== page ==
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Figure 8. Elastic modulus in function of the blends’ composition.
Figure 8. Elastic modulus in function of the blends’ composition.
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Figure 9. Stress–strain curves at + 4 °C for PBAT, PLA/PBAT 20/80 and PLA/PBAT 40/60 films.
Figure 9. Stress–strain curves at + 4 °C for PBAT, PLA/PBAT 20/80 and PLA/PBAT 40/60 films.
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Figure 10. Stress–strain curves at −25 °C for PBAT, PLA/PBAT 20/80 and PLA/PBAT 40/60 films.
Figure 10. Stress–strain curves at −25 °C for PBAT, PLA/PBAT 20/80 and PLA/PBAT 40/60 films.
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Figure 11. Comparison of elastic modulus at different temperatures.
Figure 11. Comparison of elastic modulus at different temperatures.
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Figure 12. Comparison of yield at stress at different temperatures.
Figure 12. Comparison of yield at stress at different temperatures.
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Figure 13. Comparison of the elongation at break at different temperatures.
Figure 13. Comparison of the elongation at break at different temperatures.
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Table 1. Differential Scanning Calorimetry (DSC) results of the 1st Heating scan of the films.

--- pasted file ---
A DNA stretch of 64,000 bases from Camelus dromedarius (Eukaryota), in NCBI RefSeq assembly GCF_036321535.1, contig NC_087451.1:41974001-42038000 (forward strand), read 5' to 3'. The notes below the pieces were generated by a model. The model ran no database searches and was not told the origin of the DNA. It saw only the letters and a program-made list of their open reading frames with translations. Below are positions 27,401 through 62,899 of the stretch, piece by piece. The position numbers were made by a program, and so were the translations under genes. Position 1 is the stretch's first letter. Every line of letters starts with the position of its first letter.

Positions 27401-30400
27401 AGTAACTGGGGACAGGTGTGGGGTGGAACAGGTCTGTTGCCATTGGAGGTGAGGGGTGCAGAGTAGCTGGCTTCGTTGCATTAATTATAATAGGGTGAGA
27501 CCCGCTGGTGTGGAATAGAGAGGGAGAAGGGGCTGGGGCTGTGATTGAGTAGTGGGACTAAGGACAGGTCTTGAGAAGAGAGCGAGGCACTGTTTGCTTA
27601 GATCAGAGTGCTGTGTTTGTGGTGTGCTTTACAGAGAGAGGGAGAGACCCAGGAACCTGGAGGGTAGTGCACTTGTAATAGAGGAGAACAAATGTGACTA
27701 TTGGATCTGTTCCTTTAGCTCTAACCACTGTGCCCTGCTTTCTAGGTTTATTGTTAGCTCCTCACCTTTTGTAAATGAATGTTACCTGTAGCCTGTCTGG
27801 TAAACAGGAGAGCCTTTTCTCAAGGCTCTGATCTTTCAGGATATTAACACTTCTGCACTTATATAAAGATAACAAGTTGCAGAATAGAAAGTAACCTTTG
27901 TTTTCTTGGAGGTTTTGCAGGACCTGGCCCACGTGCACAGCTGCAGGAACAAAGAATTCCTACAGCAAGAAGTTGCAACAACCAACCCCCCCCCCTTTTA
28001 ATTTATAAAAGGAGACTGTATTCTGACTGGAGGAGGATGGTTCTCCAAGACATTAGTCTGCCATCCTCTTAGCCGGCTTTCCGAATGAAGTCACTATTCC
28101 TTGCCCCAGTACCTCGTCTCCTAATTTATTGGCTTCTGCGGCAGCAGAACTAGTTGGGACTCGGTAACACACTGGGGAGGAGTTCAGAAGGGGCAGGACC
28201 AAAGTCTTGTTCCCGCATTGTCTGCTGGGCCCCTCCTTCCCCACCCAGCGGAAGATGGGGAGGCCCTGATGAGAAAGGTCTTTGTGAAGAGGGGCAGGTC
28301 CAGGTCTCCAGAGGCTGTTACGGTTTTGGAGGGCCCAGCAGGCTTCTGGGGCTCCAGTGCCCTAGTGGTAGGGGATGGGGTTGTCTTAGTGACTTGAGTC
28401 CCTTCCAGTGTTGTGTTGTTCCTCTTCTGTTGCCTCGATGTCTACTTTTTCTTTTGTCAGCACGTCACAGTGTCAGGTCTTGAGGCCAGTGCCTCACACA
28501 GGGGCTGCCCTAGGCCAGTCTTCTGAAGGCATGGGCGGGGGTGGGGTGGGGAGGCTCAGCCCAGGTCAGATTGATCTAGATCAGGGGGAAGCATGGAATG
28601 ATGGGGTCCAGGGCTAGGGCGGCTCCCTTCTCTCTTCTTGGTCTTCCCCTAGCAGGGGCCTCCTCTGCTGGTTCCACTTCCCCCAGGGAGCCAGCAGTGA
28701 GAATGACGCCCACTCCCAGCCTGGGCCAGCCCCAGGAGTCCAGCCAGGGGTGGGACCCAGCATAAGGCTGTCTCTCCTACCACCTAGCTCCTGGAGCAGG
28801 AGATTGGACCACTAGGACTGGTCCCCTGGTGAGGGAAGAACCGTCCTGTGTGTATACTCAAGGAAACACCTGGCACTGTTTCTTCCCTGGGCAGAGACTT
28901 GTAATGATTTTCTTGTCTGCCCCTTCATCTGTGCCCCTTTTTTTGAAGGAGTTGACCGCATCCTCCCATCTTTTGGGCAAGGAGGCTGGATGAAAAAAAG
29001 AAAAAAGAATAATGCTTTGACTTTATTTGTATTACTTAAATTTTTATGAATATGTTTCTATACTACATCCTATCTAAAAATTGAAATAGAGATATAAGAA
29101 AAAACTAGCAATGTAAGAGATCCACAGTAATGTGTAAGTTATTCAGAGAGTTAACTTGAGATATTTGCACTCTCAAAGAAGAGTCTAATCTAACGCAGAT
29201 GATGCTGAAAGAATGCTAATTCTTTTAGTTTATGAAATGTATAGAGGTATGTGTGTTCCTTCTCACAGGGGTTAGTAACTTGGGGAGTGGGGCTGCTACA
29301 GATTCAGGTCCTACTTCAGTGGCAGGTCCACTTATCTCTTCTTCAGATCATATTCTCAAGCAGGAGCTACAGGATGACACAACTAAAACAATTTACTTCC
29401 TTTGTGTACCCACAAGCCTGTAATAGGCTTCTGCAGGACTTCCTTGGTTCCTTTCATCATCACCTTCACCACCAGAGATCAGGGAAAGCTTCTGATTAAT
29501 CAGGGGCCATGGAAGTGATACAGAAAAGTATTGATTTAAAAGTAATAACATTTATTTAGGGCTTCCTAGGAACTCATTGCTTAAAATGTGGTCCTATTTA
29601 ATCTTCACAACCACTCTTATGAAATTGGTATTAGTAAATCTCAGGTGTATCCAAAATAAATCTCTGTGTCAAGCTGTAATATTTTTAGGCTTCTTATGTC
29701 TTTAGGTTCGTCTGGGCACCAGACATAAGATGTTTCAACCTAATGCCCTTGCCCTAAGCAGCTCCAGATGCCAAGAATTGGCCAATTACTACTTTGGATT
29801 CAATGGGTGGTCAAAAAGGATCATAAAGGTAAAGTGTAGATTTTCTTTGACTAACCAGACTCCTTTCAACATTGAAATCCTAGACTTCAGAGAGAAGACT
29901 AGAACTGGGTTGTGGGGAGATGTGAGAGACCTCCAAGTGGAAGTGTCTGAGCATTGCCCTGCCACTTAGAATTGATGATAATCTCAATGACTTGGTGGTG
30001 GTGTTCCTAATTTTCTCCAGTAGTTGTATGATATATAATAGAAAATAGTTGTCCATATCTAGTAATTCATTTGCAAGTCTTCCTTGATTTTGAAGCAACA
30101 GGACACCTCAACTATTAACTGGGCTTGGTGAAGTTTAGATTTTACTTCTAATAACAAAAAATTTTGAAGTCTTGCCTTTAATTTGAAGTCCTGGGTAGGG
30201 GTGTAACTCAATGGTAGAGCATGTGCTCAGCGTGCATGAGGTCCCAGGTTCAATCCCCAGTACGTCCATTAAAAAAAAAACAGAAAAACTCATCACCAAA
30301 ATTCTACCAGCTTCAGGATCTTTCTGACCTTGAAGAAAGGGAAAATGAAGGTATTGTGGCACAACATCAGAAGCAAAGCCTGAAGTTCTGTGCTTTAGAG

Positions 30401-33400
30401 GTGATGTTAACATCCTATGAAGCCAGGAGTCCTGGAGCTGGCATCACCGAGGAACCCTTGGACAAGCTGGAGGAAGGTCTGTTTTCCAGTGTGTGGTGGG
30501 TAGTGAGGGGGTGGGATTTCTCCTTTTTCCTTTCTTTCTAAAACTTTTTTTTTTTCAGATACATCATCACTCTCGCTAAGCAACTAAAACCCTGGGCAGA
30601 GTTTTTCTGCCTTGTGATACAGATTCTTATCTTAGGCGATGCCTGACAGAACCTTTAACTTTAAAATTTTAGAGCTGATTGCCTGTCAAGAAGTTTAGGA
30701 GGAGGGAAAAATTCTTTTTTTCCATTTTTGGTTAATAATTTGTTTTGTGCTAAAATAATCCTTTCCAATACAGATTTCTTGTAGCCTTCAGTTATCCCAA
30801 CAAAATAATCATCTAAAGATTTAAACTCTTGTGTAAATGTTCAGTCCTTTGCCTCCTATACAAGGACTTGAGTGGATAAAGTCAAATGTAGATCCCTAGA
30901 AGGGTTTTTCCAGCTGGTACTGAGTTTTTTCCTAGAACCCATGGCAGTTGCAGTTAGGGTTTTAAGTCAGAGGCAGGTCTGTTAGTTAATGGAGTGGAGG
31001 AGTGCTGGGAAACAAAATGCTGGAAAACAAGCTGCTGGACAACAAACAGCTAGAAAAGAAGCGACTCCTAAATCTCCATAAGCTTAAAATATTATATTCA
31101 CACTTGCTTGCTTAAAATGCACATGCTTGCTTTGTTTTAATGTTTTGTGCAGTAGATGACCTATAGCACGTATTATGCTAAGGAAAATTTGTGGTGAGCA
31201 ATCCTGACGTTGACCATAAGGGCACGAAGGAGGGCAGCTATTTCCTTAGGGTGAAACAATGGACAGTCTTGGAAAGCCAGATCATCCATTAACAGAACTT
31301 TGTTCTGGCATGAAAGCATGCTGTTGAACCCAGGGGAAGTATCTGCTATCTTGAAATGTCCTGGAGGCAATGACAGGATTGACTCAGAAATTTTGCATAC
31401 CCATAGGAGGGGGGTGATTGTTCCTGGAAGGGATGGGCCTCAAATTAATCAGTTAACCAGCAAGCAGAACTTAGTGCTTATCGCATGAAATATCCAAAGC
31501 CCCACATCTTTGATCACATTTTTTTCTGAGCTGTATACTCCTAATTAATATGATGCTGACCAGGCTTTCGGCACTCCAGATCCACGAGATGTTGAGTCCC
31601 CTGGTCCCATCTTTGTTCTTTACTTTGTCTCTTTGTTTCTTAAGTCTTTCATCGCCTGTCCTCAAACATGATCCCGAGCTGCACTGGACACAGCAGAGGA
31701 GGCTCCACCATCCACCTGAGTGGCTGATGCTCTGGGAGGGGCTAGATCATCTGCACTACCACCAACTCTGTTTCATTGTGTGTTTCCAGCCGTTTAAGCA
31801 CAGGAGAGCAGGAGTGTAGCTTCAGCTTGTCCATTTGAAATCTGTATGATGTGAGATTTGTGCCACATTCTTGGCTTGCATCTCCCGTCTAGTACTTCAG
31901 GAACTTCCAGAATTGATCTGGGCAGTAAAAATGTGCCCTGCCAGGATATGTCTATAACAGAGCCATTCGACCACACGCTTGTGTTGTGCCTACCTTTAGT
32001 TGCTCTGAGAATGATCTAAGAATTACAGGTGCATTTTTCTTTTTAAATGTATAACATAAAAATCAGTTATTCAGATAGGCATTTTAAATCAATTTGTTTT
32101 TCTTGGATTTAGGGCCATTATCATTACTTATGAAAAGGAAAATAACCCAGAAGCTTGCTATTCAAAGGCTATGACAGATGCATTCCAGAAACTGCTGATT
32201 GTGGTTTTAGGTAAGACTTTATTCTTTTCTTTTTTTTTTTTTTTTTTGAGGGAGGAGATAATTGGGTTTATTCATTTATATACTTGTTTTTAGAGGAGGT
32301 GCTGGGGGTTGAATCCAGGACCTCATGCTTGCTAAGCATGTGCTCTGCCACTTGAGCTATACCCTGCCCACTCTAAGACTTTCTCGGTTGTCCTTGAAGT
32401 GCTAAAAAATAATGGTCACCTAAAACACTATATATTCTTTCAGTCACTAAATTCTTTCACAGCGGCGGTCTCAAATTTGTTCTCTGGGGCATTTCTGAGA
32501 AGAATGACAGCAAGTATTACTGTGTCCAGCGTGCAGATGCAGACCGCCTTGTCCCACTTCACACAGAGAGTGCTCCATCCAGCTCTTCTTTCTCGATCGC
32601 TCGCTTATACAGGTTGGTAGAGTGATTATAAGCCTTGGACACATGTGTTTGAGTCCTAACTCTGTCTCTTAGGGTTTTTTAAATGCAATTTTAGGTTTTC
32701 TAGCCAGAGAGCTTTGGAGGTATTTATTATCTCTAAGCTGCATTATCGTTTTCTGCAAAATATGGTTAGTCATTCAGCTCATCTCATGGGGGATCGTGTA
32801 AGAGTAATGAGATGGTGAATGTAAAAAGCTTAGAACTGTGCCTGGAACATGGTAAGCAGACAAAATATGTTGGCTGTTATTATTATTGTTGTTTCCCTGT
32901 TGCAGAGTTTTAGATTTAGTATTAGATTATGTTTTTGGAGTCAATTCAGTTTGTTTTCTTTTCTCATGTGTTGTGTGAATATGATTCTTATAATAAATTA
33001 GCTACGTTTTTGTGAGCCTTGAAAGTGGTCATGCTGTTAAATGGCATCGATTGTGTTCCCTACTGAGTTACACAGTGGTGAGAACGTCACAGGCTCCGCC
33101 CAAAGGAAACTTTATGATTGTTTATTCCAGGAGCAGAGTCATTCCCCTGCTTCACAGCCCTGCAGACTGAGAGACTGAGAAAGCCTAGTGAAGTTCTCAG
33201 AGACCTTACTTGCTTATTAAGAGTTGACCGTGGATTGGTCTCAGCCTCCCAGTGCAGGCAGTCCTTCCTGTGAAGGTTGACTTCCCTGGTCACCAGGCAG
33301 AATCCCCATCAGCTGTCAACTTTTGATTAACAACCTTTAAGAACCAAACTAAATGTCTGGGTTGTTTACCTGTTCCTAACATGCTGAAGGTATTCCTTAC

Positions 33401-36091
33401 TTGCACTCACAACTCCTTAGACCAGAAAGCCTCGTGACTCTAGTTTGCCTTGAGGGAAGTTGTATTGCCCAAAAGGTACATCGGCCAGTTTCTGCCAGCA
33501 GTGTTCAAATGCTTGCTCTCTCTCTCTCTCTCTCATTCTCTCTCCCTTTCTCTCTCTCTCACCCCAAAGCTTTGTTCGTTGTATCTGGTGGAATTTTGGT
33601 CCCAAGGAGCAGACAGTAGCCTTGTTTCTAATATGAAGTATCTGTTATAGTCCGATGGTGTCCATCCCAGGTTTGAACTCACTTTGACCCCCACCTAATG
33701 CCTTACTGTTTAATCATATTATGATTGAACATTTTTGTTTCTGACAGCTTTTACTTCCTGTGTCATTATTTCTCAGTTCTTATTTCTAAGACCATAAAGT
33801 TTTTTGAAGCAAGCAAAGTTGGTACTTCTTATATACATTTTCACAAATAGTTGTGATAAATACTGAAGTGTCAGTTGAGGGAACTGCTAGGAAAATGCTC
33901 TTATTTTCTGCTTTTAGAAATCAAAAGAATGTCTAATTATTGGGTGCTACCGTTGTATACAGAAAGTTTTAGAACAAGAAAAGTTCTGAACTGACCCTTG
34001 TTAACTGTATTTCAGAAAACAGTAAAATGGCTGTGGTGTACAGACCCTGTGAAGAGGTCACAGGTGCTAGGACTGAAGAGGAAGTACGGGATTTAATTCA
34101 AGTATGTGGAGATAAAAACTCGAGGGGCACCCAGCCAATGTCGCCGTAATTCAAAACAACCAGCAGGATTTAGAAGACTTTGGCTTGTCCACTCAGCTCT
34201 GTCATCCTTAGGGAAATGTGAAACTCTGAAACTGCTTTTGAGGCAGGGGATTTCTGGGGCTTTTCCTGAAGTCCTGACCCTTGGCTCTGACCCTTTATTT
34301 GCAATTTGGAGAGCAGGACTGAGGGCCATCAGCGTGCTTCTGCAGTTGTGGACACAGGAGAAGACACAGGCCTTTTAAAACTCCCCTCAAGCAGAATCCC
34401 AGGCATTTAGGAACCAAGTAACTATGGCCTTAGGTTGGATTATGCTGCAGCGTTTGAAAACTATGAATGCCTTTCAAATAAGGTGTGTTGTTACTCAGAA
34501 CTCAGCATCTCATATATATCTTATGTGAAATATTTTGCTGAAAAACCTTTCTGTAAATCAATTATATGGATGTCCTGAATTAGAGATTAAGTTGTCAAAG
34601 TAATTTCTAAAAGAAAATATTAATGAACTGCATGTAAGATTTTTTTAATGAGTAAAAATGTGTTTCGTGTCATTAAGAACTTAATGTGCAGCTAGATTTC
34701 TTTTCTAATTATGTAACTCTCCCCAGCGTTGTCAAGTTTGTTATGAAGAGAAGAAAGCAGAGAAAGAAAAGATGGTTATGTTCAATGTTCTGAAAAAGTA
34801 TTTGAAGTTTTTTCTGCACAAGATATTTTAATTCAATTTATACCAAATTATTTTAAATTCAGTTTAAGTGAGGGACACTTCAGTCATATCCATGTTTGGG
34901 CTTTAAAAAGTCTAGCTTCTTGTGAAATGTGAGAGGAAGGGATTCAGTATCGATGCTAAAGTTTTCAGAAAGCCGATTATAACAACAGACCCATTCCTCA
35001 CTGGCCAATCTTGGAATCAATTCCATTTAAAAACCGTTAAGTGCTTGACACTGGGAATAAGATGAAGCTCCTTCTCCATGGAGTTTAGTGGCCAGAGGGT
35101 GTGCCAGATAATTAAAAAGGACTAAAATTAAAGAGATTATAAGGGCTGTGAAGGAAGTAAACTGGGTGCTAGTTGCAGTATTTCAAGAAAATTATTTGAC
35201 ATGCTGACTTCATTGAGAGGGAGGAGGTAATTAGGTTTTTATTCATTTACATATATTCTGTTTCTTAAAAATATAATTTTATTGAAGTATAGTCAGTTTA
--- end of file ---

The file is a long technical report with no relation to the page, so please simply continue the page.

Table 1. Differential Scanning Calorimetry (DSC) results of the 1st Heating scan of the films.
I Heating
Tg PBAT [°C]Tg PLA [°C]Tcc [°C]ΔHcc [J/g]Tm1 PBAT [°C]Tm2 PBAT [°C]ΔHm PBAT [J/g]Tm PLA [°C]ΔHm PLA [J/g]Xc PBAT [%]Xc PLA [%]
PLA PBAT 80 20−
PLA PBAT 60 40−33.961.396.014.947.5118.00.8169.222.81.714.1
PLA PBAT 40 60−34.161.596.48.048.2111.82.3168.815.33.319.4
PLA PBAT 20 80−
Table 2. Oxygen and water vapor permeability coefficients of the films.
Table 2. Oxygen and water vapor permeability coefficients of the films.
P O2 [cm3·mm/m2·d·bar]P H2O [g·mm/(d·m2)]
PLA PBAT 80 2040.91.4
PLA PBAT 60 4050.32.8
PLA PBAT 40 6061.92.9
PLA PBAT 20 8071.83.0
Table 3. Tensile properties of the films at 25 °C.
Table 3. Tensile properties of the films at 25 °C.
Mechanical Properties at Ambient Temperature
BlendE (MPa)εb (%)σy (MPa)
PLA2411.0 ± 164.36.7 ± 1.245.3 ± 5.4
PLA PBAT 80 201432.1 ± 119.715.4 ± 3.839.1 ± 2.5
PLA PBAT 60 40819.6 ± 73.1183.0 ± 20.122.1 ± 2.3
PLA PBAT 40 60288.0 ± 27.4220.8 ± 12.99.7 ± 1.2
PLA PBAT 20 80110.9 ± 6.6531.9 ± 43.26.1 ± 0.7
PBAT69.1 ± 5.0581.1 ± 119.95.1 ± 0.8

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Pietrosanto, A.; Scarfato, P.; Di Maio, L.; Nobile, M.R.; Incarnato, L. Evaluation of the Suitability of Poly(Lactide)/Poly(Butylene-Adipate-co-Terephthalate) Blown Films for Chilled and Frozen Food Packaging Applications. Polymers 2020, 12, 804.

AMA Style

Pietrosanto A, Scarfato P, Di Maio L, Nobile MR, Incarnato L. Evaluation of the Suitability of Poly(Lactide)/Poly(Butylene-Adipate-co-Terephthalate) Blown Films for Chilled and Frozen Food Packaging Applications. Polymers. 2020; 12(4):804.

Chicago/Turabian Style

Pietrosanto, Arianna, Paola Scarfato, Luciano Di Maio, Maria Rossella Nobile, and Loredana Incarnato. 2020. "Evaluation of the Suitability of Poly(Lactide)/Poly(Butylene-Adipate-co-Terephthalate) Blown Films for Chilled and Frozen Food Packaging Applications" Polymers 12, no. 4: 804.